IBM touts on-demand computing

Bold and risky plans from technology vendors aren't the norm these days, but IBM Corp. is trying to buck that trend.

The company last week said it is investing US$10 billion in technology and services aimed at treating corporate resources like utilities - meaning companies pay for only the processing power they use.

Known as on-demand computing, the technology would let companies gain rapid access to resources such as server capacity, storage and bandwidth, so they can respond quickly to shifting customer demands and market opportunities. IBM competitors Sun Microsystems Inc. and Hewlett-Packard Co. also are pursuing such pay-as-you-go computing models.

"You cannot find a business executive in the world that doesn't want an organization or a company or an institution that's fast to change, that has a culture that's responsive to customers," said CEO Sam Palmisano, who addressed a crowd including at least 300 customers at New York's Museum of Natural History. The event marked Palmisano's first major customer address since taking the company's top seat in March and a day after IBM's board voted to make Palmisano its chairman after former CEO Lou Gerstner's retirement, effective Jan. 1.

It's a $10 billion gamble, Palmisano said. "Big bet? Yeah, big bet. Bold bet? No doubt about it, it's a bold bet. Risky bet? I don't think so. It's not a risky bet," he said.

Though Palmisano downplayed its risk factor, on-demand computing represents a marked departure from IBM's proprietary-laced history. Palmisano acknowledged creating a flexible operating environment, based on open-standards and equipped with self-managing capabilities, requiring a different approach to designing and building systems than IBM and others have employed in the past.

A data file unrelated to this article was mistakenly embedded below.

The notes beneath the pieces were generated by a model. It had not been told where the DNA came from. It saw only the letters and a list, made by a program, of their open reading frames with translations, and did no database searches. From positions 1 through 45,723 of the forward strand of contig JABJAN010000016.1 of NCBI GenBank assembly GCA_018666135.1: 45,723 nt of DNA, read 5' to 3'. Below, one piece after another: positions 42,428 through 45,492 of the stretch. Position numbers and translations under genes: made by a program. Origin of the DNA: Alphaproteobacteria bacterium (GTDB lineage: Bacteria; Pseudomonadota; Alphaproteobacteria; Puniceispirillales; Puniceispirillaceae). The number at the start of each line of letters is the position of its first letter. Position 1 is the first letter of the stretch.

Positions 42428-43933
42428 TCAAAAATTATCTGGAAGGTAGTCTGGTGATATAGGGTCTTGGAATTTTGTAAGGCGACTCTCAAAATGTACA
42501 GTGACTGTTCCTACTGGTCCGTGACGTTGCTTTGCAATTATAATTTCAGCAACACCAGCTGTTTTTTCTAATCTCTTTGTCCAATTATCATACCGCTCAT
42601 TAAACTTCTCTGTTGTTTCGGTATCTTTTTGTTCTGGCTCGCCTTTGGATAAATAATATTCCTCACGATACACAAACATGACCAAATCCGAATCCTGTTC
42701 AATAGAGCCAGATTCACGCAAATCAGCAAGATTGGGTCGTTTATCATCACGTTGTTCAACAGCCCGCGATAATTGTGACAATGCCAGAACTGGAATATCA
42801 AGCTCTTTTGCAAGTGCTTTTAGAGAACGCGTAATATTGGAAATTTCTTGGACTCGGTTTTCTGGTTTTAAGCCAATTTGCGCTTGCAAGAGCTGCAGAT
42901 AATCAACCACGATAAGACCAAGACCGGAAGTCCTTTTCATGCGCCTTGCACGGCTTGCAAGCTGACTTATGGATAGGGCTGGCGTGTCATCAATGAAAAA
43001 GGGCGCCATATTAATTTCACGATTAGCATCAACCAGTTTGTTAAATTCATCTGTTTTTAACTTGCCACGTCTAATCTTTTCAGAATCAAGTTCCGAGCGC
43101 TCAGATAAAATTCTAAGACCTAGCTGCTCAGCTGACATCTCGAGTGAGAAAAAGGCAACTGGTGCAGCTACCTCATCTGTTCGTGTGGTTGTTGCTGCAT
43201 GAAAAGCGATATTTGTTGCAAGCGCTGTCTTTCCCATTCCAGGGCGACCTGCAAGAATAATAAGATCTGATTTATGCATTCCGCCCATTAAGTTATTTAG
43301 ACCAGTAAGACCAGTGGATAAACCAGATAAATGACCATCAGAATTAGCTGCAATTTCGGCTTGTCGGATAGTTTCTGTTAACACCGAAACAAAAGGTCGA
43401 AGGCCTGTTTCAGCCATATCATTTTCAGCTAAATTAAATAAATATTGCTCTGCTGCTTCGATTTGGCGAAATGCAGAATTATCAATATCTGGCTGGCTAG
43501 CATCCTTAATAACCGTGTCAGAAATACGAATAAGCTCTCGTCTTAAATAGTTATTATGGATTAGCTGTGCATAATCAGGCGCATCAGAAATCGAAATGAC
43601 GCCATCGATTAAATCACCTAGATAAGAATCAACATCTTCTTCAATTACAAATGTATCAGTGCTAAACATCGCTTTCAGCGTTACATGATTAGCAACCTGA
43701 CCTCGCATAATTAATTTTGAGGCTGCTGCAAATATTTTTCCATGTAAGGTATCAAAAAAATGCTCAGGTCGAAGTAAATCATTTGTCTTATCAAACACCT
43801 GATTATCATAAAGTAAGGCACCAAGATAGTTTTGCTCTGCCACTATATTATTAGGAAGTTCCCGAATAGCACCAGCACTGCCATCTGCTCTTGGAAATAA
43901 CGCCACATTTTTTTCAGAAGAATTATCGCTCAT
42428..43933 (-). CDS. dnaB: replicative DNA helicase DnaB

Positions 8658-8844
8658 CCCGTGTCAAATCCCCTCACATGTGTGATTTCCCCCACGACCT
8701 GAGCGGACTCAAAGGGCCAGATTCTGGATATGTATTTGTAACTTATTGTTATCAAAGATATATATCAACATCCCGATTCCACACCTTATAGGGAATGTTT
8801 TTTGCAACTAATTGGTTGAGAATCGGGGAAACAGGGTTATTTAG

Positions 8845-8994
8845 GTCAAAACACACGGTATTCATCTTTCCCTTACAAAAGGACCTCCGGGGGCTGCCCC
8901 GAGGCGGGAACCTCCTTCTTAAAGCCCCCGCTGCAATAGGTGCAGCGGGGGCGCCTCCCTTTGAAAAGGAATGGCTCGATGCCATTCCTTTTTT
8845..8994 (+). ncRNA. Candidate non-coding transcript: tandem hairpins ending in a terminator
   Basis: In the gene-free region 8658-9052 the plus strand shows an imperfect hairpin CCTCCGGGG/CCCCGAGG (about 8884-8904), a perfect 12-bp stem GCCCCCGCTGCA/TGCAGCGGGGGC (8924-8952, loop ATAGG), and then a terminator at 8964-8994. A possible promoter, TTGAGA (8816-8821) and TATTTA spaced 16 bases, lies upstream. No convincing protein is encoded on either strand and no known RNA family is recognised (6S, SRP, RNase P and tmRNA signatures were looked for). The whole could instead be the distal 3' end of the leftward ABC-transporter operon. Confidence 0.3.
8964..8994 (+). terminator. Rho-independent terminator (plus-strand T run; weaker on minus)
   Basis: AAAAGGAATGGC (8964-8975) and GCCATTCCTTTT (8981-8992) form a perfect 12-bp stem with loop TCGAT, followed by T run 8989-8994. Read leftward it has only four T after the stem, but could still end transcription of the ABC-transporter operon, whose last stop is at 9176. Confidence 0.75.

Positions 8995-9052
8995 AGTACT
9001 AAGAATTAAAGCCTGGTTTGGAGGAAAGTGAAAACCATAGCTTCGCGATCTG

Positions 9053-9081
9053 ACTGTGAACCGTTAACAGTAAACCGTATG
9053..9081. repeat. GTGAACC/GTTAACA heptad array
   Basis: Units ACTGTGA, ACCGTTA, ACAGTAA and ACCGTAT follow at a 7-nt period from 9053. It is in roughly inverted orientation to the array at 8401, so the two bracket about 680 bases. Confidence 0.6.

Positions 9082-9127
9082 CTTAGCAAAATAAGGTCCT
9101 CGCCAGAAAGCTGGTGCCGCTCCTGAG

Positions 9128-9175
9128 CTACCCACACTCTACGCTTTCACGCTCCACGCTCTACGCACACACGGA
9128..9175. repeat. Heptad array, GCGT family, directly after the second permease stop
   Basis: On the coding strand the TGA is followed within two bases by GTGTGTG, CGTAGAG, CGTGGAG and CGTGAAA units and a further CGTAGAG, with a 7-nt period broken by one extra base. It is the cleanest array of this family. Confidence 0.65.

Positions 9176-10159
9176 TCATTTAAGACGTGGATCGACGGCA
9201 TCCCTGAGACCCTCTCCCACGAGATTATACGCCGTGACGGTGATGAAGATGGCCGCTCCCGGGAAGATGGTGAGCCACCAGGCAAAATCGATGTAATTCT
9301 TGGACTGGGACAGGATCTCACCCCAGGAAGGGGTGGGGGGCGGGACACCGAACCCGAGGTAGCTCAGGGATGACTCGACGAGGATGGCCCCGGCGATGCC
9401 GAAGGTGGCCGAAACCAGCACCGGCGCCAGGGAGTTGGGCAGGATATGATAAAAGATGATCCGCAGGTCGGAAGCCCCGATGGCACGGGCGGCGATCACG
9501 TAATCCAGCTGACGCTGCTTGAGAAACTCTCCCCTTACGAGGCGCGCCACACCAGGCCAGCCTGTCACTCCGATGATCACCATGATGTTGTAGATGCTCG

For one, on-demand computing requires better utilization of computing resources. Palmisano used statistics about the relatively low average utilization of enterprise servers and storage to champion IBM's grid computing technologies, which can harness surplus processing power.

"You wouldn't be an airline if you had 90% of your fleet on the ground. If you were a hotel, you couldn't operate with 95 percent vacancy rates. But that's what we have," Palmisano said of today's corporate server and storage utilization.

An on-demand infrastructure also encompasses autonomic computing, which describes systems that function like the human body - able to protect, optimize and repair themselves. Autonomic computing is a key focus of IBM, which last week announced it is forming a division dedicated to adding autonomic features throughout its product line.

Analysts say Palmisano's speech demonstrated his vision for Big Blue in the coming years - even if it wasn't too far from the path his predecessor had set.

"Palmisano took a good cut at the vision thing," said analyst Steve Milunovich, first vice president at Merrill Lynch, in his commentary on the event.

Palmisano's talk was essentially an extension of Gerstner's 1995 unveiling of IBM's e-business vision, relying on familiar IBM buzzwords such as standards, solutions and integration, he says. "But that's OK. IBM doesn't need a new strategy in our view," Milunovich says.

Forrester Research says it applauds IBM's commitment "to transform infrastructure pricing to help companies better match IT investment to business returns." But IBM isn't alone in pursuing an on-demand model and will have plenty of competition along the way from Sun's N1 and HP's Adaptive Infrastructure initiatives, says Ted Schadler, group director at Forrester.

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